While reliability stays the most critical requirement for power generation in the Oil & Gas sector, energy effectiveness is becoming an increasingly important topic. Gas turbines are efficient and flexible tools both in electrical and mechanical drive applications as they cope with the multiple energy demand profiles of this sector. Aeroderivative gas turbines boast fast response and fast O&M procedures which fits with the exploitation of hydrocarbon fields. Heavy duty machines are robust and very popular in refinery utilities or as large mechanical drivers. However, it is sometimes desirable to boost GT performances: operators of the Oil & Gas sector may need to increase power output or wish to improve efficiency, especially during part load operation where the latter is degraded. While a number of commercial hardware, service and software products cover these needs, the operators may want to keep their own control on their production tools. To that end resorting to simple thermodynamic considerations enables rule-of-thumb evaluations of the impact of cycle changes on GT performances but this possibility is often unexploited.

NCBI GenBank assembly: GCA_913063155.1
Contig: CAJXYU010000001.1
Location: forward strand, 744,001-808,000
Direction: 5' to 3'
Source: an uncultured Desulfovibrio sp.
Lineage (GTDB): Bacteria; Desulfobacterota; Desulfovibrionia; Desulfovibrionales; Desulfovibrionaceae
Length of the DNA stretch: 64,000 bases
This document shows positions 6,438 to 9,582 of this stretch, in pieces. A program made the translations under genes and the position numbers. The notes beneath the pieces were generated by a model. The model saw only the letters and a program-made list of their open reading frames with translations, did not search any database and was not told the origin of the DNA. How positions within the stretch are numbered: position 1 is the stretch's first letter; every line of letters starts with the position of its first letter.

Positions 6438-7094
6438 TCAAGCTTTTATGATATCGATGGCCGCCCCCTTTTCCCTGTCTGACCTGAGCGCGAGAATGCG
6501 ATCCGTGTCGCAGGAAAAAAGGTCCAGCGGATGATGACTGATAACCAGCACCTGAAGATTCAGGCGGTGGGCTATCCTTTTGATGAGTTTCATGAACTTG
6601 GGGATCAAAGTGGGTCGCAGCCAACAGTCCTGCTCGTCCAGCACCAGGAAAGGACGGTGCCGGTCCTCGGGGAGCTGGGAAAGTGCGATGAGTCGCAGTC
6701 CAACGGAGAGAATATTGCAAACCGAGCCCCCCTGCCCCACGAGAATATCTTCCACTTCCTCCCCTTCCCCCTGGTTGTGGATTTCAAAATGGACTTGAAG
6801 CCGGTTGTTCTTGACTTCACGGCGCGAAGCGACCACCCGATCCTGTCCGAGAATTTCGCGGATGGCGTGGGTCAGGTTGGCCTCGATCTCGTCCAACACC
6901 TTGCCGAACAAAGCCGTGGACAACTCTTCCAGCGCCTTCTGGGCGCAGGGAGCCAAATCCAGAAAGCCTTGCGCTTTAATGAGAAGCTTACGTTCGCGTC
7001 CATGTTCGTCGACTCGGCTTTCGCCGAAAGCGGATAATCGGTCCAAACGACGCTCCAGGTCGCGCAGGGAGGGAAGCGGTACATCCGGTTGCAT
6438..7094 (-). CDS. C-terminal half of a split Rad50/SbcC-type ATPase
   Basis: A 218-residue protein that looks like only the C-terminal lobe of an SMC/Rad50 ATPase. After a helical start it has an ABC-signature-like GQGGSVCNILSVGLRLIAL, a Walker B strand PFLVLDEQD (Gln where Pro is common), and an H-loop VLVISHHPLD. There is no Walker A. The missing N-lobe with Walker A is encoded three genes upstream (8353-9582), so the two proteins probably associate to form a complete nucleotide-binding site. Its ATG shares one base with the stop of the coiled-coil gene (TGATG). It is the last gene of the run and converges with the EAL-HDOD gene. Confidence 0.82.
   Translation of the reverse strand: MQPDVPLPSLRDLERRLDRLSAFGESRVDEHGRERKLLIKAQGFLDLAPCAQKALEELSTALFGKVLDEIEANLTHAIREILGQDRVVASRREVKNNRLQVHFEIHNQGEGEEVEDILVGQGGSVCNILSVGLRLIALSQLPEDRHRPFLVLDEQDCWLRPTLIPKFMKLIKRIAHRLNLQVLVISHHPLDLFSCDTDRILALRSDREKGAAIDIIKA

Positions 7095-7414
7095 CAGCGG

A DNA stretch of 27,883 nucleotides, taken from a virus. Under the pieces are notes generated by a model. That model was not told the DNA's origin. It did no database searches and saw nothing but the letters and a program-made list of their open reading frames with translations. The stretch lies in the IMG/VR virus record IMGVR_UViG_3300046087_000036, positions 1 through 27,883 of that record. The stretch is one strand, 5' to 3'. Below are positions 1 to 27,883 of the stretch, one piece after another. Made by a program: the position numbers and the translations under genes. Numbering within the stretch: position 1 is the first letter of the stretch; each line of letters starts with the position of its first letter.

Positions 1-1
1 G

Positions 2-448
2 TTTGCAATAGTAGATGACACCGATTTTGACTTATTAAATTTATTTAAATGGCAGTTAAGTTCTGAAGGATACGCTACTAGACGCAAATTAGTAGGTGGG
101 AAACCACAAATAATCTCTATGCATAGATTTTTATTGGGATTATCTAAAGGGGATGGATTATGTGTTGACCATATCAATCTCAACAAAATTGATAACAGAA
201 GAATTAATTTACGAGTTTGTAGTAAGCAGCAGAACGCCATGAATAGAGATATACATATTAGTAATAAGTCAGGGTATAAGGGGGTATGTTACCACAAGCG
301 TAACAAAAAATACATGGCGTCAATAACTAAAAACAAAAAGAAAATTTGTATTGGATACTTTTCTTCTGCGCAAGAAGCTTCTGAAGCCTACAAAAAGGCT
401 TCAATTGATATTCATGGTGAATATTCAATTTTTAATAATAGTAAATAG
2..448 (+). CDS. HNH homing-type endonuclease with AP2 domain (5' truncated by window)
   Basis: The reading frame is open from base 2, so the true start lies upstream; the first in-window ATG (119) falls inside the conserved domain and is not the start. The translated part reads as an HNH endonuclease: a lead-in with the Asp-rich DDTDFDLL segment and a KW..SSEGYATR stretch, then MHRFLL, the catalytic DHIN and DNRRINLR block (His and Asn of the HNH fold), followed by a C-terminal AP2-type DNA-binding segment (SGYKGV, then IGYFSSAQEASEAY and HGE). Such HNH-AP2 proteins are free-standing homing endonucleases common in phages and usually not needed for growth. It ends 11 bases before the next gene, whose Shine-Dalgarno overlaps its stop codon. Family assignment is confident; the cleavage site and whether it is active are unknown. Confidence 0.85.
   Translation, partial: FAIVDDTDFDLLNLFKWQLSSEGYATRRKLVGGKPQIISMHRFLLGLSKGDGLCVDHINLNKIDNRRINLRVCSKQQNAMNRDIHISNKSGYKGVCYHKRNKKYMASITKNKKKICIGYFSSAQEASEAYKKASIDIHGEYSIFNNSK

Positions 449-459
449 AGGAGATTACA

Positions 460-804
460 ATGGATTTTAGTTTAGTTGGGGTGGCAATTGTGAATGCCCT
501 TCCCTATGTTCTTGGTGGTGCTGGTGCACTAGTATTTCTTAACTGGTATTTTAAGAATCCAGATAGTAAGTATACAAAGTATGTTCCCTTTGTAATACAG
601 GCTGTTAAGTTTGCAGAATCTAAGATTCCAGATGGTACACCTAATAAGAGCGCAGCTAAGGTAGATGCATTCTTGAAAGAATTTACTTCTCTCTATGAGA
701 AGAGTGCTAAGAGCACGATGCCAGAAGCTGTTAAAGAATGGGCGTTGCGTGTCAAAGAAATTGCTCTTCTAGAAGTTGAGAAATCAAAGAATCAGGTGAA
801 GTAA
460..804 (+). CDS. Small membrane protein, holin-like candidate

This joint paper is intended to provide the energy community, especially the engineers of the Oil & Gas sector, with some basic methods for the estimation/anticipation of gas turbine performance changes.